Fed Approves Key Capital Rules for Banks
The Federal Reserve Board has ratcheted up the amount of capital U.S. banks will need to hold. In the new rules approved by a vote in an open meeting today in Washington, the minimum capital U.S. banks will need to hold is higher than that set out in Basel III. Most banks are already in compliance with the rule, according to the Fed. Still, about 100 banks will end up raising $4.5 billion by 2019 to catch up to the rules.
Chairman Ben Bernanke complimented Fed staff for their work on the rule, which synthesized the positions of various agencies as well comments from the financial services industry. The Fed struck a "delicate balance" when it came to the needs of small banks, according to Bernanke, and he noted that between the stress test, capital reviews, and the new rules, regulation of large banks was coming together. He went on to say Fed examiners would have to keep a close eye on risk management.
The key elements of the new rule are the same for all banks, regardless of size. They include a new ratio—Tier 1 Common/risk weighted assets of 4.5 percent also known as the capital conservation buffer. (This would be 2.5 percent higher for the big internationally-active banks.) In addition, banks will have to have Tier 1 Capital of 6 percent of assets, vs. 4 percent under Basel III rules. They will have to keep total capital of 8 percent against risk-weighted assets, which is unchanged from the current Basel III rules.
One piece of the rules that has had banks and the markets worried is the leverage ratio, the amount banks can borrow to fund their activities, which can have a big impact on how much banks lend. There was talk the Fed would impose a higher leverage ratio than Basel III. Instead, the Fed stuck with a leverage ratio of 4 percent common equity to assets. Big banks would have to add a 3 percent cushion to that, with off balance sheet items being added to assets. This is the same treatment that Basel III proposed.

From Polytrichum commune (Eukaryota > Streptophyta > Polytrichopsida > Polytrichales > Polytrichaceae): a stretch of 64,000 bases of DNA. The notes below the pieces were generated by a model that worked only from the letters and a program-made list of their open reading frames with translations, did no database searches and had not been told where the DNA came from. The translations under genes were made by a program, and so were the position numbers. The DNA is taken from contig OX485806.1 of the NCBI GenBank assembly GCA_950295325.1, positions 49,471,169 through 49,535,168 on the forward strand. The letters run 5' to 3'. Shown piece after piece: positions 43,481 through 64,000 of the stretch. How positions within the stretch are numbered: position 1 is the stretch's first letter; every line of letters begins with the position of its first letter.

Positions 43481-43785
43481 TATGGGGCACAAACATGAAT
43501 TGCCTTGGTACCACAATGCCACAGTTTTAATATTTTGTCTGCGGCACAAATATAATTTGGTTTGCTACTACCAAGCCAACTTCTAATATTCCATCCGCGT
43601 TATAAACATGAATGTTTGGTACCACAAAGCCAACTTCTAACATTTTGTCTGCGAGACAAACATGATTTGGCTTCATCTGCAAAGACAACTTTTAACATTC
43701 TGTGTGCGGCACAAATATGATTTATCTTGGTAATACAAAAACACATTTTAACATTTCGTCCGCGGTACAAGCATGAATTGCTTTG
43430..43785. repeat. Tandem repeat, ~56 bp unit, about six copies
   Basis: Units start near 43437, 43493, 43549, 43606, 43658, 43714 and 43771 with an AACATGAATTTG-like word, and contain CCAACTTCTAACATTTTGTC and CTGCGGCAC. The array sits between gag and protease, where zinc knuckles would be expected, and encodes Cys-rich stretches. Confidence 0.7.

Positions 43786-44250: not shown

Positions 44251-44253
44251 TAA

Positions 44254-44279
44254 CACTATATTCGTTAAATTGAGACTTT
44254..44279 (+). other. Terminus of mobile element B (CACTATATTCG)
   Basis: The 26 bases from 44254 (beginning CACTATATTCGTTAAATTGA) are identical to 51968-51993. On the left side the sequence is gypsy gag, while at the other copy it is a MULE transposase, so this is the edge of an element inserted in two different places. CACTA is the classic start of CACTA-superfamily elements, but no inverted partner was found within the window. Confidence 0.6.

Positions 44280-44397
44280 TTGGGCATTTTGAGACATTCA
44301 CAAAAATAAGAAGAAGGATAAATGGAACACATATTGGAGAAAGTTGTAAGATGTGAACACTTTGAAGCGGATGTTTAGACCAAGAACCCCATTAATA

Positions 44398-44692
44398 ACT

But there could be stiffer leverage requirements coming down the pike. In his opening remarks, Governor Dan Tarullo said: "We are close to the completion of a notice of proposed rulemaking that will establish a leverage ratio threshold for these firms [the 8 biggest banks] above the Basel III required minimum." In addition, the Fed is working on additional capital rules for institutions that rely too heavily on short term public debt. In a few months' time the Fed should have new liquidity rules governing how much equity and long term debt banks should have.
The transition period to the new rules for large banks starts next year but they don't have to be in full compliance with the rules until 2019. Still, there will be some scurrying to catch up to the new requirements. By January 1, 2015, banks will have to incorporate the new calculations of their risk weighted assets - a measure of their balance sheets that takes into account how risky their assets are.
Small banks got a boon in today's rule. Their use of trust preferred securities, a favorite funding instrument for small banks, will be grandfathered for trust preferreds issued before 2010, so they don't have to go out and raise a bunch more capital.
Another area of concern for all banks was how risk weightings might increase the amount of capital banks would have to hold against mortgages. The Fed decided not to raise the capital requirements against mortgages. The Fed cited new rules governing underwriting, and other pending rules on mortgages as reasons for not upping the ante on mortgages.
Today's rule will have to be officially approved by the FDIC and the OCC, the other key bank regulators. The Comptroller of the Currency Thomas Curry has said he will sign the rule next week.
"In finalizing the new capital rules, the federal banking agencies are taking an important step to protect the banking system from future financial crises," Curry said in a statement.
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